In addition to being an outrage in itself, the A-10 scandal is becoming a poster child for what ails the Pentagon in general -- i.e., a domestic political economy that puts hardware before people and ideas (see Killing the Hog III). The attached report in the Arizona Daily Independent adds more ammunition to both conclusions.
USAF desperation behind A-10 friendly fire death message
ADI News Services, February 9, 2015
“They follow the principle that when one lies, it should be a big lie, and one should stick to it. They keep up their lies, even at the risk of looking ridiculous.” ~ Joseph Goebbels, Third Reich Minister of Propaganda
An article in USA Today regarding the United States Air Force’s A-10 and friendly fire incidents has caused a fire storm across the military community. The article, A-10 warplane tops list for friendly fire deaths, by Tom Vanden Brook, appears to many to be a desperate attempt by the USAF to discredit the craft just as it is being hailed by enemies of ISIL.
Tony Carr, who won the Distinguished Flying Cross and writes in the popular, military blog, John Q. Public, describes the article as a “lamentable piece of journalism, with Vanden Brook perhaps unwittingly advancing a despicable bundle of lies on behalf of the unnamed officials who made him their message mule.” [CS note: See Killing the Hog (III)]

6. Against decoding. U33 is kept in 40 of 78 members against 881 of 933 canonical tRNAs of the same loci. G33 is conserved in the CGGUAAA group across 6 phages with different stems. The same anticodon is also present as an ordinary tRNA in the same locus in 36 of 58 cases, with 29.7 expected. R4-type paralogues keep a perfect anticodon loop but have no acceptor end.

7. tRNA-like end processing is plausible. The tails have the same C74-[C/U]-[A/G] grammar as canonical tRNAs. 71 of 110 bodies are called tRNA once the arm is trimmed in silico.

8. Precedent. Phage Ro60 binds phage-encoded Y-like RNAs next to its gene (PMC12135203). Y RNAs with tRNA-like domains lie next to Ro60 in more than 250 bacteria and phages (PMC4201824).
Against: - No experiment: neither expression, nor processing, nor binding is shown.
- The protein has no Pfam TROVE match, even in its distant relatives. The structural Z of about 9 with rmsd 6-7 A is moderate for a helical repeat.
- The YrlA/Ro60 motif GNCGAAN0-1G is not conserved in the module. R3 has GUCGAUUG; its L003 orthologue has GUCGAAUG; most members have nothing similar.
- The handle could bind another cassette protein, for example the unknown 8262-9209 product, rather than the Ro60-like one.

Senator Kelly Ayotte, a staunch advocate for the A-10, issued a statement in response to the piece: “Every death of an American or allied service member or an innocent civilian is a heart-breaking tragedy. No aircraft that conducts close air support missions — which by definition involve the close proximity of friendly and enemy forces — is immune from fratricide. But as our ground troops and Joint Terminal Attack Controllers will tell you, the unique CAS capabilities of the A-10 have saved hundreds of American lives.”
“Unfortunately, the Air Force is again making selective use of data to support its misguided, dangerous, and premature divestment of the A-10—a divestment that ignores the advice of the overwhelming majority of Joint Terminal Attack Controllers (JTACs) who know close air support best,” concluded Ayotte. … [continued]